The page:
Current Release

Current Release
Sold to the Viking Warrior

Wednesday, May 30, 2007

Life in half term

The children are on half term holiday this week. And this means all sorts of things are happening.
Yesterday was my daughter's 14th birthday and it is hard to believe that it has been fourteenth years since that momentous event.
The July RT came out .The Roman's Virgin Mistress has been awarded 3 stars. Nothing I can do about that, but I shall be interested to read the review. Last time Gladiator's Honor was reviewed, the reviewer mistakenly thought the Roman Republic had a royal family and she hated the modern language that was used.
Ummm, I will pass on that particular reviewer's grasp of history but it did rankle as I never use the word *royal*.
As for the other bit -- I don't write in Latin, therefore I think I am free to translate my words into English and to have my sentences make sense in English. The ordering of words is different in Latin. It used to drive me insane! Equally and obviously, we are not entirely sure how the Romans actually spoke in vernacular. I follow Lindsey Davies and others writers of Roman mysteries on using a more modern phrasing in any case. In Davies' latest novel, Saturnalia, she gives an explanation of where she gets her slang from and how she makes some of it up! Her characters are so wonderfully colourful that I hope she keeps writing just as she wants.

As long as the novel feels authentic, then I have no problem with modern sounding language. After all, the reader has to be able to read it and much of slang in bygone eras is long forgotten now. So does the writer use the exact word (if known) or a close approximation? The past needs to be accessible. 100% accuracy is not an achievable goal.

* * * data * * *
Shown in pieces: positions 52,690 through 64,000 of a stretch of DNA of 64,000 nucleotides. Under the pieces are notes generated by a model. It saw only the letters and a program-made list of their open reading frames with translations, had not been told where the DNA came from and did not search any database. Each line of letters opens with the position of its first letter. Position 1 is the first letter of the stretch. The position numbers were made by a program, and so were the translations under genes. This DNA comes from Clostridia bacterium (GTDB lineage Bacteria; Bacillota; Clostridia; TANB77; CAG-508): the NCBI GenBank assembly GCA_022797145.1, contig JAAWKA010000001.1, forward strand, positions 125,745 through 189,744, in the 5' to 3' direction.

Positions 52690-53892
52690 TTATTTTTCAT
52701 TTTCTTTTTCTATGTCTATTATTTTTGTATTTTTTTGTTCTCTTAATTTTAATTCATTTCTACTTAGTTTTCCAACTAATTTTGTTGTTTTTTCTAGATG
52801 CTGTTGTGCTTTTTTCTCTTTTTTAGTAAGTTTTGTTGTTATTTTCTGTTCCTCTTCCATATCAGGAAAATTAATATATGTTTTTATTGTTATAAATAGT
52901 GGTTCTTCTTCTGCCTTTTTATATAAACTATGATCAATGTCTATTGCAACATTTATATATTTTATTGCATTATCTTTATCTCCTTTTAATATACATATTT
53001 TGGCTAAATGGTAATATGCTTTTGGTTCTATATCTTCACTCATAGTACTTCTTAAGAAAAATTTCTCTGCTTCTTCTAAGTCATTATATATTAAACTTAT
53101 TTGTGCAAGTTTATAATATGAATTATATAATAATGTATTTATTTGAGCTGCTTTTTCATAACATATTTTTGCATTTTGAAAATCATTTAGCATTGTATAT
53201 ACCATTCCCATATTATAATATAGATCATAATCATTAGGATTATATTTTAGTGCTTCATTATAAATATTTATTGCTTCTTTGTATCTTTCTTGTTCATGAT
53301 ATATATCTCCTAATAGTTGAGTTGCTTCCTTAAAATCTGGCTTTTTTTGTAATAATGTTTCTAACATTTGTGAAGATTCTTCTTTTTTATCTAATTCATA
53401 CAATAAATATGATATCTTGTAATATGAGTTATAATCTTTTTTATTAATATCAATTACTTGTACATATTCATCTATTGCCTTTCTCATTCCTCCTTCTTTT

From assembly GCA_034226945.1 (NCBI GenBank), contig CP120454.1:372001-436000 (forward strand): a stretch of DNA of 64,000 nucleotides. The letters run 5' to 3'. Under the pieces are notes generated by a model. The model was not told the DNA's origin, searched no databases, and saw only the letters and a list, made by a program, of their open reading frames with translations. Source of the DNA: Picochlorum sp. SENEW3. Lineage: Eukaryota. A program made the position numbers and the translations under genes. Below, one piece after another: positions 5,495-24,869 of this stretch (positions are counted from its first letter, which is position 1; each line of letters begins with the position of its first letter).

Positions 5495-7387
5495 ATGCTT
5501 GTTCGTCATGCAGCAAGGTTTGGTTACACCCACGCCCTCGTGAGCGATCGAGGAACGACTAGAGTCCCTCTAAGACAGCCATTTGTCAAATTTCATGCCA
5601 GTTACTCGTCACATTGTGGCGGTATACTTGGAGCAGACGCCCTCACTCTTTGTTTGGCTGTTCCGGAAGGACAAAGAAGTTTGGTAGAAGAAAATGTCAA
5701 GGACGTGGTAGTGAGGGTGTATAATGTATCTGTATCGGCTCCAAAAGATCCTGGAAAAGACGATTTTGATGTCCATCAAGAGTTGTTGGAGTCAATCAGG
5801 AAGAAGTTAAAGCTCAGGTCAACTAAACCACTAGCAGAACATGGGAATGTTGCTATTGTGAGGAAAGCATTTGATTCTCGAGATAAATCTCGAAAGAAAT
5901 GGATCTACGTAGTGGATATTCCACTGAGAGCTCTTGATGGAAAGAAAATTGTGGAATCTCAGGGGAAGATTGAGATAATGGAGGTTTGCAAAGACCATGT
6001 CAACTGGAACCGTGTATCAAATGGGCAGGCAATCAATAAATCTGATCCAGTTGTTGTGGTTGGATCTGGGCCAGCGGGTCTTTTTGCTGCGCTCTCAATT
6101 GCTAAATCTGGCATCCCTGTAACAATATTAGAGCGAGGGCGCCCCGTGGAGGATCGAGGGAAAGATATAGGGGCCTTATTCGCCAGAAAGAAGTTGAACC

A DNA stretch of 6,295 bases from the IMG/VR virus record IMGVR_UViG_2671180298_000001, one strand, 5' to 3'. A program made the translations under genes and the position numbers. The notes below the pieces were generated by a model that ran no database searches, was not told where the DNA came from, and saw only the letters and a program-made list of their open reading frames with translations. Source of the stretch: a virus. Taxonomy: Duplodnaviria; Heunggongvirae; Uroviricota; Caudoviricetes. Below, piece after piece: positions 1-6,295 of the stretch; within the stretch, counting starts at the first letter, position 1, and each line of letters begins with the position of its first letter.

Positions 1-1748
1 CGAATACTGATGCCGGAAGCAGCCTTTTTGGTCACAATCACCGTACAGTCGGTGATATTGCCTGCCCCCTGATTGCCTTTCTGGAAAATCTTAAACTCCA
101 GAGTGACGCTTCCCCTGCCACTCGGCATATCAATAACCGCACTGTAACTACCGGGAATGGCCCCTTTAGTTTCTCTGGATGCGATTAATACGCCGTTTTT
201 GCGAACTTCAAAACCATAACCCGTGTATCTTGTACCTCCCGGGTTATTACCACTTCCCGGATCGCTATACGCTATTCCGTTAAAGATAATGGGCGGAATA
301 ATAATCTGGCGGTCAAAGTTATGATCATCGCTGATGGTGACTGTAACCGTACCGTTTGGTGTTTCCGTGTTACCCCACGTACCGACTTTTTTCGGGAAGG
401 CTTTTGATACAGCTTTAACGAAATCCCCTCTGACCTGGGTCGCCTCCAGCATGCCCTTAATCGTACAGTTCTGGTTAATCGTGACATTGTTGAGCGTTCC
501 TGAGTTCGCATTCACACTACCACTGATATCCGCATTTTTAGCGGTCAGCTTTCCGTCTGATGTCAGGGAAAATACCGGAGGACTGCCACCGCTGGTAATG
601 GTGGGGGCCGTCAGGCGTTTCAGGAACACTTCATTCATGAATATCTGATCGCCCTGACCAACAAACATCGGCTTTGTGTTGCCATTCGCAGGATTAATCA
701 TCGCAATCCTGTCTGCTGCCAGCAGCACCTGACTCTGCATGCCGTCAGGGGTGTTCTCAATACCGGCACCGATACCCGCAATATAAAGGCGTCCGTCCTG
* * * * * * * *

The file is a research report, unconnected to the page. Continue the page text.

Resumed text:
I suspect when people read my Vikings, some might say that I again use too modern of language. But I would ask them to find me the actual incidents of Vikings from the late 7th century speaking. Again the writer has to make them understood. The Vikings and Romans considered themselves to be modern. They could not really conceive of a time beyond of their own immediate horizon.

Anyway, I am going to get back to my current Victorian. This is easier in some ways as we do know the words people used, and one can give a better impression. But given my background, I know that the words will still have a flavour of me in them.

2 comments:

Donna Alward said...

Happy Birthday to Katharine!

And as far as modern language, did you hear some of the dialogue in ROME? You didn't slip into english vernacular compared to that, not at all. :-)

It's tough being a groundbreaker, isn't it. :-)

Anonymous said...

I follow the line that characters in a historical novel would sound normal to themselves, so why put a barrier between them and the reader by trying to make them sound ancient?
For all the reasons you state it is impossible to know how they spoke in 1066, and even after the written records appear (often in translation, too) we all know that dialogue is very differnt to written language.
I enjoyed doing the refresher on McKee - I still have pages of notes I made when I read it.
Jen
Jen Black